This was most painfully pointed out in one of the short stories I was most looking forward to, ‘Alice, Falling.’ As you might expect, this whole story takes place during Alice’s lengthy tumble down the rabbit hole. It plays with Alice’s dreams, and her confusion at falling for so long down the rabbit hole and the wonderment of it all, except, it’s done in Millhauser’s own voice, rarely parroting Alice’s own and it comes off completely wrong. It seems dry, stagnant and at times, a mischaracterization (not nearly bad as Beddor’s attempts in Looking Glass Wars, but still). It was really hard to get through. Alice was falling, seeing the same things over again, dreaming of dreaming Alices, and falling some more. Matters made worse with this vaguely satisfying conclusion. Overall it was a struggle to finish.
There was another story where one of the ‘main’ characters was thrown in without any introduction. That character later tried to pull his head from his neck, but was stopped. The story ended without explaining anything about this character. Who he was, what he knew, how he could think about pulling his head off, and what happened to him. Meh.
The final story in the collection was Eisenheim, the one I’d read before. It is, and was the best of them (with ‘Rain’ a VERY close second) which is a disappointment as I’d read it before. However, it’s nice to now own it.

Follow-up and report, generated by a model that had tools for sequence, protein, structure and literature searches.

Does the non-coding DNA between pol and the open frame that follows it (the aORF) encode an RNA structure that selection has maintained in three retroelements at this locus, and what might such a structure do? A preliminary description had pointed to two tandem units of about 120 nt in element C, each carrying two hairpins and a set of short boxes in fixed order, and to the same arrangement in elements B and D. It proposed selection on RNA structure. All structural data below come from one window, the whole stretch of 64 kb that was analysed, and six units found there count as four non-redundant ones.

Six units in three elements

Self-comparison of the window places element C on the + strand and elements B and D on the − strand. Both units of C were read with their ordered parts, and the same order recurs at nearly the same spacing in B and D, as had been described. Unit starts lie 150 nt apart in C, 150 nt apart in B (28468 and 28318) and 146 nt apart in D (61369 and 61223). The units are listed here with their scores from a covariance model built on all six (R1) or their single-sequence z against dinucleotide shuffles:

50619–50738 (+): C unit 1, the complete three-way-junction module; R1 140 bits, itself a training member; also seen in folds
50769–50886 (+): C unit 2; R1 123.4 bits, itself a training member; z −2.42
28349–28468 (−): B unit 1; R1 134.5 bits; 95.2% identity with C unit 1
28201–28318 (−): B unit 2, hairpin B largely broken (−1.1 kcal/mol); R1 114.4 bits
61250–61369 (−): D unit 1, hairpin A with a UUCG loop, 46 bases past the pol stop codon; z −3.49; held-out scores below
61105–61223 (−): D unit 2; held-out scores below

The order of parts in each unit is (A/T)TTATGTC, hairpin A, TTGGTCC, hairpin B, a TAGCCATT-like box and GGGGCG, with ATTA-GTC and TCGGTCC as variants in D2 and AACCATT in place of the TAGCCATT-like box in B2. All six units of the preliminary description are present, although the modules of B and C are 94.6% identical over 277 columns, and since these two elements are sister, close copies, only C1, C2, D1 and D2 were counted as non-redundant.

I’d say that Millhauser is a very talented writer. He can do things with setting and mood specifically that many cannot (or just don’t) do which appeals immensely to me. He’s in desperate need of a new muse, though (I’ve heard other collections have almost exactly the same theme). It’s also evident that he should never write more than short stories. With his inability (or unwillingness) to have a climax, a plot or satisfactory conclusions, he probably couldn’t hold my attention in anything more than a short story capacity.
I had been interested in picking up another collection of his short stories, Dangerous Laughter as there’s subject matter I’d like to see his voice applied to, but, I’m afraid of treading the same ground any more. I may just find the stories I want to read for sure and leave the collection alone.
At the end of the day, I had fun with most of the stories until the ugly middle to two-thirds section (and ‘Alice, Falling’) and have even recommended the book with heavy cautions. Most importantly, it served as a good cautionary tale for myself.